It Has to Be a Trick, Right?

The Firearms Blog has a post up about racking a Glock with just the inertia of the slide. I was skeptical, so I decided to do that math. I only have a Glock 19 at my disposal for measurement, but it can’t be that radically different than any other Glock. We can get a ballpark figure for how fast a Glock has to be moving for the slide to rack.

We can figure out how fast a Glock has to be traveling in order for the slide to rack when the Glock comes to a halt. We can do this through conservation of energy. The Glock 19 spring takes about 15 lb. or 67 Newtons to move the spring the 3.5cm it needs. Given that the energy of a spring is 1/2 Fx, that give us 0.5 * 67N * 0.035m or 1.17 Joules. To generate enough kinetic energy, the 350g Glock slide would have to move at 2.6 m/s. The human body is certainly capable of generating this kind of speed, but I’m a bit more skeptical one could stop the movement of the gun quickly enough. From a matter of force, it would take an acceleration (using F=ma) of 191 m/s^2, or about 19.5x the force of gravity. That sounds like a lot of acceleration, but it’s not beyond human capability.

What makes me skeptical is the fact that I can’t seem to reproduce this, but that doesn’t mean it can’t be done.

19 thoughts on “It Has to Be a Trick, Right?”

  1. looks very cool, but i doubt it will be very practical, and yes i will try this on a glock at some time.

  2. There seem to be a couple people who’ve uploaded videos, so the odds are it’s real (although I’m still amazed at the things people can do with ping-pong balls in college dorm lounges…).

    It sounds like the super-quick jerk and the extra-heavy longslide are the main things; I suspect the rails are well-greased and that the spring, while “stock,” is very well broken-in.

    It seems like a purely gamer move, but more power to the guy for figuring it out.

  3. Well, I can confirm that it doesn’t work with my Ruger P95! I tried it last night (unloaded, of course) and I couldn’t make the slide move at all. Zero.

    I guess I’m just not meant to be a YouTube superstar…

  4. I ran across that video about a month ago and tried it out with my Glock 21 and a snap cap.

    I can do it. Once I got the hang of it it was pretty repeatable.

  5. Pingback: SayUncle » Tricks
  6. Sebastian, not much to it really. Jerk the gun backward and get it going forward nice and fast.

    Helps if the striker is pre-cocked but I was able to do it with the striker at rest too.

  7. Cute trick.

    It’s helped by the fact that the G35 is lightly sprung with respect to its slide weight.

    About zero practical application, however. While not as cool-looking, snagging the rear sight is barely slower and a lot more positive.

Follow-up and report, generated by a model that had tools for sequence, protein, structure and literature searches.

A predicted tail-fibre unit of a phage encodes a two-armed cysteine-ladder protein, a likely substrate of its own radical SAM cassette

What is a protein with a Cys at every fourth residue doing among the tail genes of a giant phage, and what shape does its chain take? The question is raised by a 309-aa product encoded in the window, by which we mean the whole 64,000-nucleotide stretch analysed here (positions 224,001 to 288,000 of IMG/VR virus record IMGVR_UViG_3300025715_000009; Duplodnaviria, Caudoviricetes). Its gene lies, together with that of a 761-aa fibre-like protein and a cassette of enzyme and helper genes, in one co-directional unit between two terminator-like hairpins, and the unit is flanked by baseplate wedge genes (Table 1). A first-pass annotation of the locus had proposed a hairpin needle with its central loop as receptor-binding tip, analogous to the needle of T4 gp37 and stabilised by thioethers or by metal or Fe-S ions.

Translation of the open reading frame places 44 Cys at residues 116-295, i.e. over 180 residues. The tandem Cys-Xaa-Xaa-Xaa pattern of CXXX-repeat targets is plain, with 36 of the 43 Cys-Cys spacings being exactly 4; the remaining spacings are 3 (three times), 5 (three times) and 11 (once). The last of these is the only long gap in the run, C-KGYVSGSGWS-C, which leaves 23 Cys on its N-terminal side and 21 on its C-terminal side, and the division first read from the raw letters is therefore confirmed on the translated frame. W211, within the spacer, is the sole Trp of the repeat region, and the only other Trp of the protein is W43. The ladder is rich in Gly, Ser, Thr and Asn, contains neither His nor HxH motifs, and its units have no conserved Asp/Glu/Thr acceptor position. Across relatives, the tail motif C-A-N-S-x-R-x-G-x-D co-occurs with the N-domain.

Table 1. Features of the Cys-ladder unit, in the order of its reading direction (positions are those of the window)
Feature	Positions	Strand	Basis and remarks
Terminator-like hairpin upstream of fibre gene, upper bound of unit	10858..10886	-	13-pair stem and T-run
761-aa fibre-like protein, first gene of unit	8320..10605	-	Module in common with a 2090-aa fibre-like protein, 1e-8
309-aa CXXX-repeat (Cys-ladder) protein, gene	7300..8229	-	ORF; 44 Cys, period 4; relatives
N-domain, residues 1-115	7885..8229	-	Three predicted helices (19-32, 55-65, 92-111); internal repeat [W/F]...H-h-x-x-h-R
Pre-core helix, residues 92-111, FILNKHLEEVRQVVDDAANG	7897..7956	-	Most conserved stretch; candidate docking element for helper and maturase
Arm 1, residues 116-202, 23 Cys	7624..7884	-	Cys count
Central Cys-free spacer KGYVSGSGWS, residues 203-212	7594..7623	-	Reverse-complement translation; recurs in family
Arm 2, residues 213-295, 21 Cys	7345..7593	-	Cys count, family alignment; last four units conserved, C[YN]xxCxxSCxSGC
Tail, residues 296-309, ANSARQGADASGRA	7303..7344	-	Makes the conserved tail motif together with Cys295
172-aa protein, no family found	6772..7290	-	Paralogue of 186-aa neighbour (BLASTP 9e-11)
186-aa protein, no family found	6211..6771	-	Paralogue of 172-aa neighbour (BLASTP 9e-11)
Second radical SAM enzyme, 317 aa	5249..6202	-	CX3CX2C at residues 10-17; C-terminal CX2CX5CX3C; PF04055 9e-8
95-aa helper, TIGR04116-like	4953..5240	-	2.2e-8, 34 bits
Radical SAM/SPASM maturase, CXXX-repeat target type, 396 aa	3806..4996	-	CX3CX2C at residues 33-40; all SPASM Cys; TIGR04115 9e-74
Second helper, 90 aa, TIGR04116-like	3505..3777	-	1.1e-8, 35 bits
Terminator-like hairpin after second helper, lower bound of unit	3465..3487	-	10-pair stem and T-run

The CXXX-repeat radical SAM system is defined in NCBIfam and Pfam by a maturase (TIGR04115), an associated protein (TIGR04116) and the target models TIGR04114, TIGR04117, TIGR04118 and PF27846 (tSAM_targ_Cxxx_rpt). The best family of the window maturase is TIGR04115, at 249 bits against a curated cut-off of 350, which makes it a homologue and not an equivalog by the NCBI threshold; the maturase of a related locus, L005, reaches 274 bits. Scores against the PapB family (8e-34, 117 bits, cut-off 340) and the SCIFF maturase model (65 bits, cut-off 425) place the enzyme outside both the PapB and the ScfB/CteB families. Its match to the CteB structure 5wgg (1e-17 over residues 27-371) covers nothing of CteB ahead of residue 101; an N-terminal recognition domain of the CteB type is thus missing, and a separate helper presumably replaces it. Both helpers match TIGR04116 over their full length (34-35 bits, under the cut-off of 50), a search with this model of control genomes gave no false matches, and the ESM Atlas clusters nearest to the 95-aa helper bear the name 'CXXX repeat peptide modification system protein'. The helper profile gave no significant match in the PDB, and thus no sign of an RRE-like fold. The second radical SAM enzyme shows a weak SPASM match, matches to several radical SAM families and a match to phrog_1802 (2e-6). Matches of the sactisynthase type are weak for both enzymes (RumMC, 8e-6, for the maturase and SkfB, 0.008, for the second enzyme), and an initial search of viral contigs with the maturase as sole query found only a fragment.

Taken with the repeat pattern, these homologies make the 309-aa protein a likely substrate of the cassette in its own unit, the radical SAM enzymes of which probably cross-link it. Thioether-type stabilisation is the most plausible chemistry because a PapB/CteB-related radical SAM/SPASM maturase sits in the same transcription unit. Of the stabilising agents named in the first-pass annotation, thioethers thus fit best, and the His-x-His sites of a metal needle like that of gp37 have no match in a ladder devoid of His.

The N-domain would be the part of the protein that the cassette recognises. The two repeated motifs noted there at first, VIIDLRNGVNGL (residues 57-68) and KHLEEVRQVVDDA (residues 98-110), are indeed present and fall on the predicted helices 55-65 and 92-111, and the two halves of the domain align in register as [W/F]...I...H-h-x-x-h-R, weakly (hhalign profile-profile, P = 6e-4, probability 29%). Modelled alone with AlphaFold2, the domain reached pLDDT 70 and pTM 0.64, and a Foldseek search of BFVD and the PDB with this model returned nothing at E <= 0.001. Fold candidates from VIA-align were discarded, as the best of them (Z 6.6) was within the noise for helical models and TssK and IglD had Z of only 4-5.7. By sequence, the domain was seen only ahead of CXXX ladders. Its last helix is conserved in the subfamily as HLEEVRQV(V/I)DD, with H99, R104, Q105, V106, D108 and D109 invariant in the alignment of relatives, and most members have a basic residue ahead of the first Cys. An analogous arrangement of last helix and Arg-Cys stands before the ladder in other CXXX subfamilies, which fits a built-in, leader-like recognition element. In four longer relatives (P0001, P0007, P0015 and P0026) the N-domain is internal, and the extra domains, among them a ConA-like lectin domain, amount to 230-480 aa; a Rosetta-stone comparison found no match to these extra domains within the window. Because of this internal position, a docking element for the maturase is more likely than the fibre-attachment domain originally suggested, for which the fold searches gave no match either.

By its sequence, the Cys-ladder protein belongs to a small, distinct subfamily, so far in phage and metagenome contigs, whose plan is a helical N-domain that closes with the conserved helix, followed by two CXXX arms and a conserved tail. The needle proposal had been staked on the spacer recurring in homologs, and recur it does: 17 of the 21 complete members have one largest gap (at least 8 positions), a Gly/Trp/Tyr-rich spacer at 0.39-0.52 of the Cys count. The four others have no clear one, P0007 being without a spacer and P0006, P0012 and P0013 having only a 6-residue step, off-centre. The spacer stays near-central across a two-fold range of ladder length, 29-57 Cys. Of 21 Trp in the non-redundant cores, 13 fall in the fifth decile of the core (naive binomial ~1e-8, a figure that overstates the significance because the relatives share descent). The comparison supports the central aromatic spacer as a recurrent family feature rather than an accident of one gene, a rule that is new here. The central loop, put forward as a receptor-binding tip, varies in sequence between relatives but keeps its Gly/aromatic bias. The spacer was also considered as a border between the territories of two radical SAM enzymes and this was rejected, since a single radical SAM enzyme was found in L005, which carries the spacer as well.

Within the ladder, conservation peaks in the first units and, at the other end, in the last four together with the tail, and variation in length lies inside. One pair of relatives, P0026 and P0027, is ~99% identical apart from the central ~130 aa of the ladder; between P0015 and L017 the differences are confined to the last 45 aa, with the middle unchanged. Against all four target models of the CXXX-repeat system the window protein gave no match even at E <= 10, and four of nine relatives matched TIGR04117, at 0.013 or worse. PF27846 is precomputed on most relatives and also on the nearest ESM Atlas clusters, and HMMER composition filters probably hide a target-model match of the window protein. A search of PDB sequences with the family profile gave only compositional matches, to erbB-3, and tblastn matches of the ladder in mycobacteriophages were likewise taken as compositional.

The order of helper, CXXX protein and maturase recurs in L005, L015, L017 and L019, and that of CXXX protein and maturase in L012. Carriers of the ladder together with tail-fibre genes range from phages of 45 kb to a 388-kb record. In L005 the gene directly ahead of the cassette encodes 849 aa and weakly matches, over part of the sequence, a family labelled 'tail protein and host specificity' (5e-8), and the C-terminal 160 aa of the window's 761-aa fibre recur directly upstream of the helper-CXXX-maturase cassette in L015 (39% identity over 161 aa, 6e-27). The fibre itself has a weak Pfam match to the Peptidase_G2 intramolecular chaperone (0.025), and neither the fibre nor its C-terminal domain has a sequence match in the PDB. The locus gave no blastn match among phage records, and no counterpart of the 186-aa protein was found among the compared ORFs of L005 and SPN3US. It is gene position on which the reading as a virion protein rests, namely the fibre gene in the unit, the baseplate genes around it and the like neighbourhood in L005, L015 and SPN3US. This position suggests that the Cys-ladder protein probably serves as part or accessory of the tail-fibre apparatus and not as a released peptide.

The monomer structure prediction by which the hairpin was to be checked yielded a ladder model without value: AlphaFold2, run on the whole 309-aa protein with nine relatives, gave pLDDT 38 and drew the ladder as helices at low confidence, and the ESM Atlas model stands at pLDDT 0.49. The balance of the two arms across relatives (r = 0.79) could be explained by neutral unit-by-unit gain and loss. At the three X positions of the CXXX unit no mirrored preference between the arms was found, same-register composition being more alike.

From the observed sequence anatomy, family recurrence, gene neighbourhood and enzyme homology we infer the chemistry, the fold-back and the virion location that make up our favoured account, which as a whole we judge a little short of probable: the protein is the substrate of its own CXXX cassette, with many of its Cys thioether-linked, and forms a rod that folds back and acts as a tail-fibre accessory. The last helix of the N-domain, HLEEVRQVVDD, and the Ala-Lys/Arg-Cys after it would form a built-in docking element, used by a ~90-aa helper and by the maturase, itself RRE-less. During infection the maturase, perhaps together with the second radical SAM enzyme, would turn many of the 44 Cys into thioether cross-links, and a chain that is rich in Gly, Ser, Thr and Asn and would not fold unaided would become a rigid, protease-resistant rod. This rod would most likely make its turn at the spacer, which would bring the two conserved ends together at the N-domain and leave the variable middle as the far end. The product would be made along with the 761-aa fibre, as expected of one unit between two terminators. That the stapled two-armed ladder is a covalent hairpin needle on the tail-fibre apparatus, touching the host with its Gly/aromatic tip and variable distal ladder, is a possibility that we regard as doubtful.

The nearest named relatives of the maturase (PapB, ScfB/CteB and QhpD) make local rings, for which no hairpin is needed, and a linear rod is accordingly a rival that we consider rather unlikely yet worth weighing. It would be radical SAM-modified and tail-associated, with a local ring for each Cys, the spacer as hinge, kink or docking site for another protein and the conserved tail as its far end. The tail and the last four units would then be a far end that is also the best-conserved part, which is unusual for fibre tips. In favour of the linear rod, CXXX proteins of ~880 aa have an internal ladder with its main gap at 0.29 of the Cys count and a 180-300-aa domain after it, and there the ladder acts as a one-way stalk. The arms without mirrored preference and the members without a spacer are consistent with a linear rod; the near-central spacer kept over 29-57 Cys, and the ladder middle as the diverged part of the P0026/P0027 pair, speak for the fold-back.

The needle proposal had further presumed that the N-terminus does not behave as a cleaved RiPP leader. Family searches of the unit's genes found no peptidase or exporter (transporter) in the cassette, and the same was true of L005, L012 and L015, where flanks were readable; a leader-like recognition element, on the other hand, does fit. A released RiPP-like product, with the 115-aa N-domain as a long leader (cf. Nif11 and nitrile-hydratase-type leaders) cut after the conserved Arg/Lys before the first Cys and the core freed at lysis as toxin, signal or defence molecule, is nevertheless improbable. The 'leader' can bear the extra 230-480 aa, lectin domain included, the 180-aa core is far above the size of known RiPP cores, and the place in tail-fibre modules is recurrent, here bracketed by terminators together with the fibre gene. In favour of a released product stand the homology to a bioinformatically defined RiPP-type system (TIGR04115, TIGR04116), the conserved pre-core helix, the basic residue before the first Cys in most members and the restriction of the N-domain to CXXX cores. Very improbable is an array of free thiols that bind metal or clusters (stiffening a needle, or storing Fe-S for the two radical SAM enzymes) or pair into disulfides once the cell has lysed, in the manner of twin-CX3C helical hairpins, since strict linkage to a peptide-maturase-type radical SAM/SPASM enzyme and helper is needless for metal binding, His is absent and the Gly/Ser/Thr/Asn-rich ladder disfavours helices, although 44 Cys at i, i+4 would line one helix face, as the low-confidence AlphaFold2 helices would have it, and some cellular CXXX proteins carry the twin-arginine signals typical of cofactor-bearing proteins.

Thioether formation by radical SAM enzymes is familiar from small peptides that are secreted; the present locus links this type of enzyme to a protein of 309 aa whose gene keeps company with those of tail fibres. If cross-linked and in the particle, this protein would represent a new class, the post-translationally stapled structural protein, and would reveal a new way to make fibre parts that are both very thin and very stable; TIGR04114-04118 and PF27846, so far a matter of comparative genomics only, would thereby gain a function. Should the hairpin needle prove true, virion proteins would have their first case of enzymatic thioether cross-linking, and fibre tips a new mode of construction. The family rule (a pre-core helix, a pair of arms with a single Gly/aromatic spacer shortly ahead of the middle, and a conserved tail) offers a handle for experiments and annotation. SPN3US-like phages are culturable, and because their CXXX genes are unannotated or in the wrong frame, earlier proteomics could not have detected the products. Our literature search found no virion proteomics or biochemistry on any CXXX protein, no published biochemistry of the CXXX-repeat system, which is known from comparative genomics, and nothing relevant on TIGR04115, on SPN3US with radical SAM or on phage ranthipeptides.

8. yep, seen him practice it in person. it takes a while to get it the first time, but gets easier once you get the hang of it. kind of like riding a bike. the important thing is to keep the barrel motion in a straight line and your wrist firm. i tried it with the same gun and i was close but no cigar. i don’t ahve a glock so i can’t practice it. i tried it a couple times with my sp-01 and almost threw out my shoulder, lol.

  9. I don’t see any reason that it couldn’t be done. The human body is extremely well designed for acceleration, at nearly every joint. This isn’t all that different (mechanically speaking) than the way that sprinters leave the block.

    I would bet though that the spring in that gun has seen several thousand rounds, as they tend to get lighter the more they are shot.

    Now I’m gonna have to explain to the wife what the hell I’m doing in the garage tonight ;)

  10. After seeing the video, I wanted to try it with my Glock 22. I was at home, so I didn’t want to use live rounds, so I inserted an empty mag. I tried it 4 times and finally on that try, I was able to lock the slide back on the empty mag, so if it were a round, it would have chambered. I tried it a fifth time to see if I could replicate, and no go. After that, my shoulder hurt from the abrupt jerking motion.

  11. Dang! I tried that trick with my (lightly-used) Model 19, and I just could not get the slide to retract more than a half-inch. I quit trying because it started to hurt my shoulder. Other than the trick aspect, I don’t see how this is a reliable, safe and functional technique for draw/engage situations with the M19, that the operator should count on it. It would only have to be unreliable once…
    Then again, I couldn’t make it work.

  12. Yep, sounds like this trick is only for Glocks with a heavier slide. You 9mm folks don’t get to play:)

  13. Just the THOUGHT of trying this with my 1911 makes my wrist and shoulder ache…

  14. Ha! I can imagine all the middle-aged guys going to the doctor with shoulder injuries trying to replicate this. It’ll be called Glock Jerk Shoulder in the medical journals.

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